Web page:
Darryl Shelly’s life reads like a page out of Goodfellas, mixed with a juicy dollop of Hollywood glitz, glamor and depravity. After he survived a violent and emotionally abusive childhood marked by his father’s involvement with the Chicago Syndicate, he escaped to New York City where a hunger for intimacy lured him down the road of sexual addiction. Based on his life, Shelly’s debut novel The Hobbyist not only sheds light on a  highly refined subculture and the women inhabiting it, but also digs deep into America’s sexual psyche to unearth a complex tapestry of fear, loss, guilt, humor, and an American love for excess.

Here’s his WWFIL:

When We Fell In Love – Darryl Shelly

As a child, I crossed a threshold into an enchanting, exotic world as I flipped through the pages of Maurice Sendak’s Where The Wild Things Are. During this adolescent phase: colors, textures and shapes were overpowering seductive devices that held the full command of my attention, while straight-up text books carried little sway due to my limited reading skills.

In my teens I abandoned reading for youthful thrills that were the exclusive province of sports and surfing; anything that challenged my physical prowess was an adrenalin rush. I recall a brief flirtation with books after reading The Adventures of Tom Sawyer in 7th grade, but my attention was quickly diverted when female classmates lit-up my radar as suddenly interesting human beings with curves. During this time, books served merely as decorations in the family bookcase. Needless to say, with reading absent from my plate, I held a rather undistinguished academic presence and plodded through lower education like an old horse deep in mud.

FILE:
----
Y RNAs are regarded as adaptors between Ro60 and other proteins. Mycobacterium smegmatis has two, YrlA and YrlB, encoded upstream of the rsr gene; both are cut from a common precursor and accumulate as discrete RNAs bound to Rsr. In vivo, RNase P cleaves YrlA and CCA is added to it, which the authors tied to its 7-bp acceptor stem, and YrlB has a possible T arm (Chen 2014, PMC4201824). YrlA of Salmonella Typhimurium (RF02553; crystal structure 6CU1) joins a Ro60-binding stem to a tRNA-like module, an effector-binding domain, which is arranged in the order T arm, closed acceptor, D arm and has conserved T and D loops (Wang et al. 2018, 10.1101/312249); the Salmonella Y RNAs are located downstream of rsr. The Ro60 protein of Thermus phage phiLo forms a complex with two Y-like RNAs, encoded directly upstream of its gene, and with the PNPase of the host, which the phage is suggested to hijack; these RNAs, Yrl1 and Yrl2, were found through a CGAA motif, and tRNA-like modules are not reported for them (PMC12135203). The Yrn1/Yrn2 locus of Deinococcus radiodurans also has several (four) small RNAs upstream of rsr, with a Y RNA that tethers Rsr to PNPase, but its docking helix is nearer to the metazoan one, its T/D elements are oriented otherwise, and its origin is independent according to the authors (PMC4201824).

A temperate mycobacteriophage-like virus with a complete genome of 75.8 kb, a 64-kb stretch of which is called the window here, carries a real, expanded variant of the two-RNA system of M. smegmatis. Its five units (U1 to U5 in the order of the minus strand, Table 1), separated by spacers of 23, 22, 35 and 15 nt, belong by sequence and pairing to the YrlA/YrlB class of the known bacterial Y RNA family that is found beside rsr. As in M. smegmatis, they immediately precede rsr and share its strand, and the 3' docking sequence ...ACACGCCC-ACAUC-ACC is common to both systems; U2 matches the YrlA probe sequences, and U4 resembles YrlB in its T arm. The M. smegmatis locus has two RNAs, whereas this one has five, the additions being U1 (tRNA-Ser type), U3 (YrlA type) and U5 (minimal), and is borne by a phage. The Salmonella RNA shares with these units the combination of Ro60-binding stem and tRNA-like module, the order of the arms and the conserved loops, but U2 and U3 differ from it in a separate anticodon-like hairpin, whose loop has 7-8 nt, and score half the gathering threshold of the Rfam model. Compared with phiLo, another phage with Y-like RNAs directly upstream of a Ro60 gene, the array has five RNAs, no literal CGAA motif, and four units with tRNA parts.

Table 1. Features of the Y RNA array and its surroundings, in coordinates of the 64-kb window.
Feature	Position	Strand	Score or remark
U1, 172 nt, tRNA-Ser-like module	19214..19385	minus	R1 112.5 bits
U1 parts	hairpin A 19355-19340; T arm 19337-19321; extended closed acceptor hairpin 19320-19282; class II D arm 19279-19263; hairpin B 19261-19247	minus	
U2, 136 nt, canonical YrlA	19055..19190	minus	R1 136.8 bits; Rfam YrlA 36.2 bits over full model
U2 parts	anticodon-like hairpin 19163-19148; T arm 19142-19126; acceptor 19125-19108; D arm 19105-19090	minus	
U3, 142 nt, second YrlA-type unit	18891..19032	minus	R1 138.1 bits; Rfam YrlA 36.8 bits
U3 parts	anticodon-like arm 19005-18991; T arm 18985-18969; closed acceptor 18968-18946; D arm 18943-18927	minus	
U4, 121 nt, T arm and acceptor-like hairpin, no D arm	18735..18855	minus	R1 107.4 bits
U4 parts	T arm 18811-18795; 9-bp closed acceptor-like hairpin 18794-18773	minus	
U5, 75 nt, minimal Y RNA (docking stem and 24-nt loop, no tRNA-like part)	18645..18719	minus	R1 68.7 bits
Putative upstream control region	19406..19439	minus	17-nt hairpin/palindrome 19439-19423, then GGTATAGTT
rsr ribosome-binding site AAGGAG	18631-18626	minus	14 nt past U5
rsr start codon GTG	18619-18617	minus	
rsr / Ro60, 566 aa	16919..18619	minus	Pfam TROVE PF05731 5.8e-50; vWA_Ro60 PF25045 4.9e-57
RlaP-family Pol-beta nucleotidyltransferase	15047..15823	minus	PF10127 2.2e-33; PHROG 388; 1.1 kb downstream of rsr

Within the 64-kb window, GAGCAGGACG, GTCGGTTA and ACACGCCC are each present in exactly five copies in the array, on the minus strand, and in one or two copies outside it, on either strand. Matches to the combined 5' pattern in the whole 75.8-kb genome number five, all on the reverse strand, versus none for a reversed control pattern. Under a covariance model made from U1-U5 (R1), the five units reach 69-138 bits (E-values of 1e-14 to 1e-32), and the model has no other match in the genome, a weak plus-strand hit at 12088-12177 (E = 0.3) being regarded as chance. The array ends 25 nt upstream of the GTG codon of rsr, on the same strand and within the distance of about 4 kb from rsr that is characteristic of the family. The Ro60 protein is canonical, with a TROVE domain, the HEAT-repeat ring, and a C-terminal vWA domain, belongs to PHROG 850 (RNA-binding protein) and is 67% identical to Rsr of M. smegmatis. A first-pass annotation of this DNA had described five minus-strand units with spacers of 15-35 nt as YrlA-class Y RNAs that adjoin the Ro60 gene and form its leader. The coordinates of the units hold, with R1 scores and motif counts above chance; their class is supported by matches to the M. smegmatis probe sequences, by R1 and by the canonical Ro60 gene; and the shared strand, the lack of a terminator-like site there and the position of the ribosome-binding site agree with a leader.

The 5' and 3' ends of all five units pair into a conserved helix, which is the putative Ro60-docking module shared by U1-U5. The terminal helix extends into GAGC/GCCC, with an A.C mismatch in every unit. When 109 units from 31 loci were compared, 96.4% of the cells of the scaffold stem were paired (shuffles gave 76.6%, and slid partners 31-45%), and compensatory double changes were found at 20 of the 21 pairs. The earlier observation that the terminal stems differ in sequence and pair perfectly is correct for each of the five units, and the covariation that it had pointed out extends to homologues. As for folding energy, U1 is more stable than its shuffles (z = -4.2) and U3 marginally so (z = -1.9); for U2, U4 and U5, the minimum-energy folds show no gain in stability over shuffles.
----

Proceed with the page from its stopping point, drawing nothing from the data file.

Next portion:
In sophomore year of high school, my English-Lit teacher drew guffaws from classmates when she asked me to remain after class.  Mrs. Braun was a stern, matron in her 50’s who held little patience for bratty kids – and I certainly met that criteria. I braced for the worst when she sat next to me, pulled out my latest assignment, and then passionately implored me to not only apply myself in class, but to read novels from distinguished writers and remain after school so she could work with me to develop what she perceived to be my gift. Referencing my assignment, she informed me that my first paragraph, alone, held more impact than her best students combined over the past ten years. None of which made the slightest impact upon me. Writing was nothing to get excited about, and reading even less so. For me it was like homework: neither pleasurable nor worthy of my time. I had girls to chase and the visceral rush of riding a wave along the La Jolla shores. I was supposed to give up my social life for reading and writing? It felt like Tom Sawyer was hustling me to whitewash his fence. No thanks, Mrs. B; I’m not falling for that act.

A few years later, I found myself playing catch-up in an acting class in New York City. My classmates knew all the scenes from the plays performed in class, except for me, and I found it painful to be the clueless guy in class. I had a sympathetic teacher, who gave me a list of plays to read from noted playwrights such as: William Inge, Arthur Miller, Eugene O’Neill, Chekhov, Shakespeare, Ibsen and Sam Shepard. The first play I read was The Glass Menagerie by Tennessee Williams. I found myself hypnotized by the tragic realism of the writing and the fragile, damaged Laura had my heart. In an instant, I was hooked. After which, some of my most pleasurable moments played out in my minds eye as I plowed through play after play. I loved how the titles of O’Neill’s plays cried out for attention: Long Day’s Journey Into Night, Desire Under The Elms, Mourning Becomes Electra and The Iceman Cometh. Later, a friend loaned me a copy of Steinbeck’s , and my love of plays broadened to novels – and what was a promising affair now stood as a loving relationship between man and book. I was late getting to the party, but better late than never – and I’m delighted the party is still going.